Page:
THE ancient inhabitants of Scotland may have gone into the importation business to bring red deer to the Hebrides and other islands.

New research has suggested that Neolithic man may have transported red deer from remote sites in Europe rather than from the Scottish mainland.

Red deer were an important source of supply of food and skins, while their bones and antlers were used by Stone Age peoples across Europe as weapons and tools.

The new theory suggests that red deer – of which there may be 400,000 in Scotland today – were transported to the islands of Scotland by boat, though the deer themselves may have colonised some islands as they are powerful swimmers able to swim short journeys of perhaps two or three miles.

David Stanton, an evolutionary biologist at Cardiff University, said in the journal Proceedings of the Royal Society B that when the ice retreated about 10,000 years ago, deer and other beasts – including humans – gradually repopulated northern regions, but archaeological remains show that red deer only made it to the islands some 5,000 years ago.

Stanton and his colleagues analysed genetic material from 74 red deer bones—some up to 7,500 years old—that had been found at archaeological sites on the Scottish mainland, Orkney, and the Inner and Outer Hebrides.

Then they compared the results with previous analyses of ancient DNA from red deer in Norway, Ireland, and Italy, as well as those from modern specimens throughout Europe.

The DNA samples strongly suggested that red deer on the Outer Hebrides and their cousins on Orkney originated in Europe in lands that have not yet been identified though somewhere in western continental Europe is the most likely place.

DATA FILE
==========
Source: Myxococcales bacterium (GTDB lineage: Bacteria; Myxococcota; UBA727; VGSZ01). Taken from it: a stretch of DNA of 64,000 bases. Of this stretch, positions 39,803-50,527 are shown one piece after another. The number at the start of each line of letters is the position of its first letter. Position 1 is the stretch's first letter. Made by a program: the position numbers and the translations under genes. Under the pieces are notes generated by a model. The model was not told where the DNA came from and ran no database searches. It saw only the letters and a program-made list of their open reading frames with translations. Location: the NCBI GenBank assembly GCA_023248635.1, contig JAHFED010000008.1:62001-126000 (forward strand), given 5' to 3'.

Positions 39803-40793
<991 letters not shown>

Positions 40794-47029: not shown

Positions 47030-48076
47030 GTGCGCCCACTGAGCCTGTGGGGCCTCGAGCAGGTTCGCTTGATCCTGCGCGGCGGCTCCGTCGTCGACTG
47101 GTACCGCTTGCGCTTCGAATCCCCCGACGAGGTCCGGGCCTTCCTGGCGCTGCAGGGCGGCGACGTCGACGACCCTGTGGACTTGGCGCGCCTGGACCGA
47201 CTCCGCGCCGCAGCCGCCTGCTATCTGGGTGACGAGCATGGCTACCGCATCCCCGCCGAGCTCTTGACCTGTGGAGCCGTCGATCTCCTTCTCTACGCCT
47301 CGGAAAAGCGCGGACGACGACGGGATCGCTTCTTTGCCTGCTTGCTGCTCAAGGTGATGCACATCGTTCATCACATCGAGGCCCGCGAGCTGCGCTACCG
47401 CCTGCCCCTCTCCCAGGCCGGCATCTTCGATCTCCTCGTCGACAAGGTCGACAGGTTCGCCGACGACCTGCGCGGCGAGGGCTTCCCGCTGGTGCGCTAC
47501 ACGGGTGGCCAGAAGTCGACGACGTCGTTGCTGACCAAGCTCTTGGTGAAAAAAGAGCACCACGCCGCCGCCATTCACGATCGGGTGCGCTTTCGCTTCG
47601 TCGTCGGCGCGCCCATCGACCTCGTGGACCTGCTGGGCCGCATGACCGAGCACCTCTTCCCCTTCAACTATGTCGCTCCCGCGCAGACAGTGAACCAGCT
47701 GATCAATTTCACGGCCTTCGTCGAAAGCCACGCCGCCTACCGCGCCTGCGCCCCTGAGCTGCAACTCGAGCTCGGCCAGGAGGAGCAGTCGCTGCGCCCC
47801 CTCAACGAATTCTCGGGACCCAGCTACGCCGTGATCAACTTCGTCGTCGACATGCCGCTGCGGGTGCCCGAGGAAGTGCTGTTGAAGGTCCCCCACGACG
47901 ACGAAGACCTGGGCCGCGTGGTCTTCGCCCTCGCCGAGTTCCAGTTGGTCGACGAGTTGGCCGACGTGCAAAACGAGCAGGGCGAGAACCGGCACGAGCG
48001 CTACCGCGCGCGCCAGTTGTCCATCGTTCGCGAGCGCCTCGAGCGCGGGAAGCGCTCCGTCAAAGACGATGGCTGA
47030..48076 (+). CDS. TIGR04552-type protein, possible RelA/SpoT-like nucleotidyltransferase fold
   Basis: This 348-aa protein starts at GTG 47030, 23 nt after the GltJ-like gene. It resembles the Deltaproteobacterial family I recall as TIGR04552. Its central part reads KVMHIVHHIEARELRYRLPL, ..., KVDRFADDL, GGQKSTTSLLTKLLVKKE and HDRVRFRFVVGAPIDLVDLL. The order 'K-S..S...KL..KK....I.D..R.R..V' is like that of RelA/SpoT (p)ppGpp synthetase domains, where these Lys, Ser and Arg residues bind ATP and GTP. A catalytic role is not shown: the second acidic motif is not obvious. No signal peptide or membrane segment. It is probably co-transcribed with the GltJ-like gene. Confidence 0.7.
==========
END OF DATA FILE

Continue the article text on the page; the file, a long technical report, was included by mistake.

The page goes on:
Stanton said: “There’s not a huge amount known about the seafaring capabilities of humans in northern Europe around that time – we just don’t know.

“This potentially gives us a bit of a clue as to what they might have been capable of.”

Prof Jeremy Searle from Cornell University in the USA, said the new work on red deer DNA was “absolutely fascinating” but cautioned that there are other explanations for the genetic uniqueness of the ancient outer-island deer.

He said: “One other explanation, which they do actually mention in the paper, is that there was an initial colonisation of the British Isles by the red deer, and then that initial genetic type later got replaced by another genetic type.

“So what you’re seeing around the periphery is kind of the relic of that initial colonisation, while the bulk of Britain is represented by the second population.”

Two-phase colonisation in several British species has already been found, explained Prof Searle, but he added that long-range deer delivery could be proven by establishing a strong genetic similarity with the mysterious source of the islands’ red deer population.

Prof Searle said: “I think the study is a really interesting springboard for future investigations.”Dr Stanton concluded: “It’s the tip of the iceberg. We’ve got a lot more searching to do.”